Problems with PGP encryption

I’m having problems sending PGP encrypted emails. I have imported the user’s key and attempted to send them an email but get the pop-up No valid S/MIME encryption certificates or PGP keys for , were found. If I attempt to send an email to myself then it shows only my email address. I installed Thunderbird + EnigMail and was successfully able to send emails with that, and if I sent them to myself as PGP/MIME then eM Client would be able to decrypt them. Any ideas on how to get this working? I would prefer not to have to use Thunderbird.

There is a bug in eM Client that requires you have your own PGP key pair setup before you can send encrypted messages to others. This is a complete misunderstanding of the process of sending encrypted messages.

If you do not have a key pair for the address you are sending from, set that up, and it should then work using the recipients public key.

Thanks for the response Gary. I did start working with a new key pair that I generated from gpg4win as gpg was complaining about MDC with the old pair, but was still getting the same error as above. But now oddly enough after having received an encrypted and signed message back from the recipient, which eM Client was successfully able to decrypt and verify signature on, I am now able to reply and send new messages without any errors. Hopefully eM Client can smooth out these PGP issues in the future!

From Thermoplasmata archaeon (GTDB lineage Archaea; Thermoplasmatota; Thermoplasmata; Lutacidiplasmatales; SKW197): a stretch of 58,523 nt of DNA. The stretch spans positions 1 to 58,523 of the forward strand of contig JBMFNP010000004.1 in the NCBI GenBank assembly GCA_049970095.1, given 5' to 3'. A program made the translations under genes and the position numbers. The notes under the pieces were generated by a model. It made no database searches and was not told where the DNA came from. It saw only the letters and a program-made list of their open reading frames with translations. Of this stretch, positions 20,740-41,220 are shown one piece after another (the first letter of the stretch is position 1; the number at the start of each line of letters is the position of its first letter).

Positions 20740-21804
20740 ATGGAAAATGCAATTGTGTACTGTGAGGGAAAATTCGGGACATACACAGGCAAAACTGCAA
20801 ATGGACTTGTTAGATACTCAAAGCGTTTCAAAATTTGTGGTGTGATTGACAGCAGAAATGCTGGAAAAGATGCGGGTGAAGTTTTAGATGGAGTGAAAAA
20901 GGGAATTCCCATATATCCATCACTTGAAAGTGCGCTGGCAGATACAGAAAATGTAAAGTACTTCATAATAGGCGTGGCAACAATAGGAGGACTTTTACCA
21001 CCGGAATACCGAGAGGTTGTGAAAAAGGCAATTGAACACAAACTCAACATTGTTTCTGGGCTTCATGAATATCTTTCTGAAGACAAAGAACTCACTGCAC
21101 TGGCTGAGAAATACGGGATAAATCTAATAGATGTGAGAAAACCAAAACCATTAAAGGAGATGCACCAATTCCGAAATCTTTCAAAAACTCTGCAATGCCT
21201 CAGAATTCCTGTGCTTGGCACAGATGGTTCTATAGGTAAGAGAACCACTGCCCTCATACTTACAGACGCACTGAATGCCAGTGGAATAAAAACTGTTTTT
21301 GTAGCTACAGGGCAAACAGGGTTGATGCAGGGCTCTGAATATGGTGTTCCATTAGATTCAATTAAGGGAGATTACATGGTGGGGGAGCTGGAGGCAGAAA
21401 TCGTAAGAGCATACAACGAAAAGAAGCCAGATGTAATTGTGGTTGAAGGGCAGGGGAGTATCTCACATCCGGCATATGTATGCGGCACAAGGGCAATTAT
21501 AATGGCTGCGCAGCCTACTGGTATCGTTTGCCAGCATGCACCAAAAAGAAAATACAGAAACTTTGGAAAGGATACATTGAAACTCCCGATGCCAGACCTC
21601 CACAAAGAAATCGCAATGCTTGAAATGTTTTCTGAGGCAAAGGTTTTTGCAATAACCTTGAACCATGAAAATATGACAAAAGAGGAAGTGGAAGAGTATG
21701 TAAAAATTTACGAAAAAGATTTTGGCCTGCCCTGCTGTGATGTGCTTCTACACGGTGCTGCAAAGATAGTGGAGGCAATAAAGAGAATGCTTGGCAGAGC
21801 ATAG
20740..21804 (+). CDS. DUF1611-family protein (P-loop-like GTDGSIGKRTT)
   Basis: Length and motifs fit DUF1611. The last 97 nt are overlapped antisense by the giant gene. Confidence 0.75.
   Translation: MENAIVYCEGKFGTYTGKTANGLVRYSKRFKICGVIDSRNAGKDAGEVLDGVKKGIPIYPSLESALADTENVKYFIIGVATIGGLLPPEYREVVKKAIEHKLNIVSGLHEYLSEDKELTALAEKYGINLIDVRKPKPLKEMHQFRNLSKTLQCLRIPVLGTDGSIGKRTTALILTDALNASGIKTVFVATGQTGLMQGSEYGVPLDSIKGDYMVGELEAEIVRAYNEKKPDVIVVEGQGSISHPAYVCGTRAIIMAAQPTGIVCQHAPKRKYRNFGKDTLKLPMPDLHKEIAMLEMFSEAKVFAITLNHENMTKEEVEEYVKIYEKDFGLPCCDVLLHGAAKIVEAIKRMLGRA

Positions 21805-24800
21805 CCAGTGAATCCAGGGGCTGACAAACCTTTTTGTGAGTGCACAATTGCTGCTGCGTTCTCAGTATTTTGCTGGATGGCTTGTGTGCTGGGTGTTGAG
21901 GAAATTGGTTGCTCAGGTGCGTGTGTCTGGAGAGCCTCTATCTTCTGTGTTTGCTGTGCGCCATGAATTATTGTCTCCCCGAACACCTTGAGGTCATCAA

Still doesn’t seem to work correctly.

I have a working personal PGP key installed and also the public key of my intended recipient.

When I select encrypt and hit send it looks to go fine. However when I check in my sent folder the email has been encrypted with my public key…

Any help would be great.

Is the receiver able to open the message Phillip?

Just waiting for them to let me know. Maybe I have the concept wrong…

If I encrypt with their public key I assume then I cannot decrypt the message to read it. Would that be correct or is it done in such a way that I can still read back later what I sent?

I noticed the same thing as Phillip when I checked back after seeing his response. I was wondering if the message stored in the Sent folder is a copy of the original email encrypted with your public key so that you can read what you sent, while what actually was delivered was encrypted correctly with the recipient’s public key. I’m waiting to hear back from my recipient as well.

Pretty sure something isn’t working correctly. As I can read that sent message on a different device as long as I provide the password/PIN to my private key.

Happy to test with both you chaps.

Let me know and we can exchange public keys and test.

Also happy to test. You can send me an email at gary.curtin@gmail.com and I will send you my public key from my normal email address.

Phillip, they will use their private key to decrypt the message. The public key is used for encrypting only. That is why there is a pair, one private that is not shared with anyone because it is used for decrypting, and one public that you can share with others. It is not possible to use a public key to decrypt a message. Maybe that is why the sent message is encrypted with your own key, so you can read it as Jeffery commented.